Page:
Some artists are fathomable – their aesthetic fixed in time, their contribution easily parsed, the work highlights easily identifiable, listable, digestable.
That is not Paul Bley. The Montreal-born pianist, who died Sunday January 3 at the age of 83, carved one of the most unusual paths through jazz and improvised music. He was likely the last musician alive who could claim having performed and recorded with bebop trailblazer Charlie Parker, pre-bop legends Ben Webster and Lester Young and such post-bop luminaries as Sonny Rollins, Charles Mingus, Ornette Coleman, Jimmy Guiffre and others.
Bley evolved constantly over the course of seven strikingly productive decades, and his evolution took him into strikingly different musical realms. He made definitive recordings in many realms but is not rooted in any one place, not part of a single “school.” His hallmark is more an attitude, a broad approach to music that’s applicable to every improvisational endeavor: He brought what the music needed at each moment.
He had all the language of jazz in his backpocket, but did not use it indiscriminately – in a solo setting like this 1988 recording for Steeplechase, he would inject the faintest hints of blue into music that was otherwise beautifully reflective, almost overwhelmingly placid, and the reference would enhance the desired mood.
So….he could clearly play in the key of sweet.
And he could swing fiercely, stitching together lines that felt garrulous and expansive but were also needlepoint precise.
In his freer solo playing, he cultivated a zone of contemplation that was profoundly lyrical, with long arching melodies, and then would happily veer into technical inventions that seemed almost unhinged, yet governed by an intense logic. Follow a Bley solo closely, and you hear the main thought mulled and eventually exhausted with a kind of woodworker’s patience. Running alongside that, often threatening to overshadow the big idea, are irreverent glances backward at jazz history, knots of harmony that suggest music’s future, and moments of effusive fury so dense they defy transcription.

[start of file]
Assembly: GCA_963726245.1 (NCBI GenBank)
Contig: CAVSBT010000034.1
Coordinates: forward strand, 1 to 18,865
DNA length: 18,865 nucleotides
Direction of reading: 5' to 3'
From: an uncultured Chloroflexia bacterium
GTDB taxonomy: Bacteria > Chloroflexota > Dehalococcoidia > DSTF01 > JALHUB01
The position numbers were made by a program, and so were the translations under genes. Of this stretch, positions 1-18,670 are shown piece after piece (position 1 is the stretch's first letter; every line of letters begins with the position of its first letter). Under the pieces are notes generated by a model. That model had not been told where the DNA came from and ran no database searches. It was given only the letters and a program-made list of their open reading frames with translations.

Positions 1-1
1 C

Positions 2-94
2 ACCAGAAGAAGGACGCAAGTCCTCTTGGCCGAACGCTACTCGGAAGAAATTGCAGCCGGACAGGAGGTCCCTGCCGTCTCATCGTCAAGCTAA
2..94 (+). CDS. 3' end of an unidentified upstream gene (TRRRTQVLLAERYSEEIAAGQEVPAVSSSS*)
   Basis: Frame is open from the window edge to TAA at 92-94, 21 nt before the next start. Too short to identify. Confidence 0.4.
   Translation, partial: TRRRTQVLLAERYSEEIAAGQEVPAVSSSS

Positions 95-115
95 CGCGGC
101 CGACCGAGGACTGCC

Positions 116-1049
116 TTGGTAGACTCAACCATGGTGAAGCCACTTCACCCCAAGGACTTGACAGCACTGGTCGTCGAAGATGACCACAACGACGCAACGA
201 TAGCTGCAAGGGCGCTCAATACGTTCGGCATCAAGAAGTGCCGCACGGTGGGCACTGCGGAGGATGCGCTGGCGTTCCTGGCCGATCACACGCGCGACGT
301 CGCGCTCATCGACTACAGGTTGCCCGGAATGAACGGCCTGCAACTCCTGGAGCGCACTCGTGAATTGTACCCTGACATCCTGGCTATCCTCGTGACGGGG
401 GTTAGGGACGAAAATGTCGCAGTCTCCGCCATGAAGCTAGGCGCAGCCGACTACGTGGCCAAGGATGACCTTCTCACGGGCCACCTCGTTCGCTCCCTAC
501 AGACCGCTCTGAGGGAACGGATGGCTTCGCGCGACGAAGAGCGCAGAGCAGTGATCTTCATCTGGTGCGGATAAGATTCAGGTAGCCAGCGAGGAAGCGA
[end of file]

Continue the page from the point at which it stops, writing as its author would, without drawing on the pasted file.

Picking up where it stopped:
What’s most inspiring about Bley is the way he kept going. He chased music of many forms and most of the time outran it, mastered it, refracted it through his lens until it could belong to nobody else. He made beautiful sounds that seem fully written out, through composed, but were birthed spontaneously, in the moment, with a recording device running. To illustrate this I looked for something from his 1986 recording Fragments (ECM), but didn’t find. That’s a shame, because it’s one of those deep records that sounds like nothing else. Here’s another….
Each of his recordings shows a different aspect of Bley’s intellect, a different curiosity. If they’re united, it’s not by style or genre or personnel. It’s by philosophy.